By Edith Morgan
In the midst of the mad race to the end of 2015, I want to take a few minutes to wish everyone a joyous holiday season: it seems that from Halloween on, it is a mad rush to get to the end of the year. We barely get the spooks and goblins and costumes put away for another year, when already Thanksgiving is upon us and then there is no real let-up until we sink exhausted into winter in January.
Thanksgiving is followed by the eight days of Hanukah, then Christmas, and then the New Year, with “First Night,“ and then the Chinese and Vietnamese New Year, and the Cambodian New Year in April. And somewhere in between Christmas and the New Year, Kwanzaa takes its seven (I think) days. And it is hard to remember what year each group is celebrating – the Jewish year is 5776, the Chinese around 4712, the Cambodian year is 2559. I have not yet researched the numbers for the Hindu, Moslem, or other years yet.
Also, different groups celebrate according to a different calendar – some follow the lunar calendar, while others have their holidays determined by historical or other criteria while most Christians follow the calendar mostly in use in America and Europe … the Eastern Orthodox Churches have their Christmas about two weeks after December 24th.
But whenever the celebration is, we all seem to have some sort of celebration and end-of-year festival, and we have some time for getting together with family and friends.
It is a time when we exchange greetings and notes with people whom we may only remember at this time, but whom we may have known for years. In this very mobile society, and in this very large country, so many of us are so far apart. And travel is expensive and time-consuming, so we traverse the miles using media. Of course, since the advent of Facebook and cell phones, and Skype, we are able to communicate almost daily (sometimes several times a day, for kids), so it is almost like being there.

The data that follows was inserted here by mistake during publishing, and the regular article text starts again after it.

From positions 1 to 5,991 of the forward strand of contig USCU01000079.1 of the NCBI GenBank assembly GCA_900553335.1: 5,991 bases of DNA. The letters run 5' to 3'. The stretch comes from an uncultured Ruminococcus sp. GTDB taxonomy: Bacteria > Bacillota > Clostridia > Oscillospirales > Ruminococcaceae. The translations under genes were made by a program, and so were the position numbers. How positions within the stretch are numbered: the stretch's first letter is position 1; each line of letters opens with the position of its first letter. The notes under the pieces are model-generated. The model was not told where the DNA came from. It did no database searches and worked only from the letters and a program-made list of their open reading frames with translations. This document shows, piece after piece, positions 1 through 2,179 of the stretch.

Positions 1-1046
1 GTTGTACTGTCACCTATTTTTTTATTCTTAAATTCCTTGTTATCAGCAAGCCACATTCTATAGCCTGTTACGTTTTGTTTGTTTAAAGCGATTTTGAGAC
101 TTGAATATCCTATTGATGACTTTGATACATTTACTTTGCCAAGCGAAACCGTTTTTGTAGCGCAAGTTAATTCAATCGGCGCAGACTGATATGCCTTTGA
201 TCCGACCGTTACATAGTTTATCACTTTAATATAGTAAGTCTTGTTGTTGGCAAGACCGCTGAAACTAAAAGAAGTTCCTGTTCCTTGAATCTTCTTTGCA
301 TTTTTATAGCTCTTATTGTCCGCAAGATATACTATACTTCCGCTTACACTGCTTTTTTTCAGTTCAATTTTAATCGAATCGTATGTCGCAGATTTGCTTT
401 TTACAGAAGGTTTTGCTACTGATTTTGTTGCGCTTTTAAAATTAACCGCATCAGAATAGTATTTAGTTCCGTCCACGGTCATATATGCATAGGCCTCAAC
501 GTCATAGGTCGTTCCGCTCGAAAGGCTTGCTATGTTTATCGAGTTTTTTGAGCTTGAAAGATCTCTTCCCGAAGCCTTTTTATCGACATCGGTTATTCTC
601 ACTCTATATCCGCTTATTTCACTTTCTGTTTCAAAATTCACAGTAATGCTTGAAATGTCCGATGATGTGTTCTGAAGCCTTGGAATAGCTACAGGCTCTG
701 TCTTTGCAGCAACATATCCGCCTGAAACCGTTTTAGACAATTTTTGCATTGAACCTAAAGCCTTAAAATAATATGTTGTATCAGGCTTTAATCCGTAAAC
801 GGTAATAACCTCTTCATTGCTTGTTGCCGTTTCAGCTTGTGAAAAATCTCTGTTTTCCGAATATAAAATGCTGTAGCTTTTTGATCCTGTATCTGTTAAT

For me, real, face-to-face interaction is still the best. The phone and computer rely so heavily on words, that we miss all the subtle messages that emanate from a living person in our presence. And sometimes I fear we are losing the ability to “read” the signals coming from others – that takes years of practice to achieve!
So, for this holiday season, let’s spend more, real time really together – talking, listening, exchanging ideas and stories instead of spending ourselves into debt buying a lot of things we do not really need. This might be a good time to get to know our neighbors better – maybe carry a dish of cookies or home-made fudge to them, and personally wish them a great new year.
And of course this is the time to reflect on the past year, and to resolve to do some things better – to learn something new, to make new friends, and to come closer to being the person we should be.
Joy and, above all, PEACE to all this holiday season!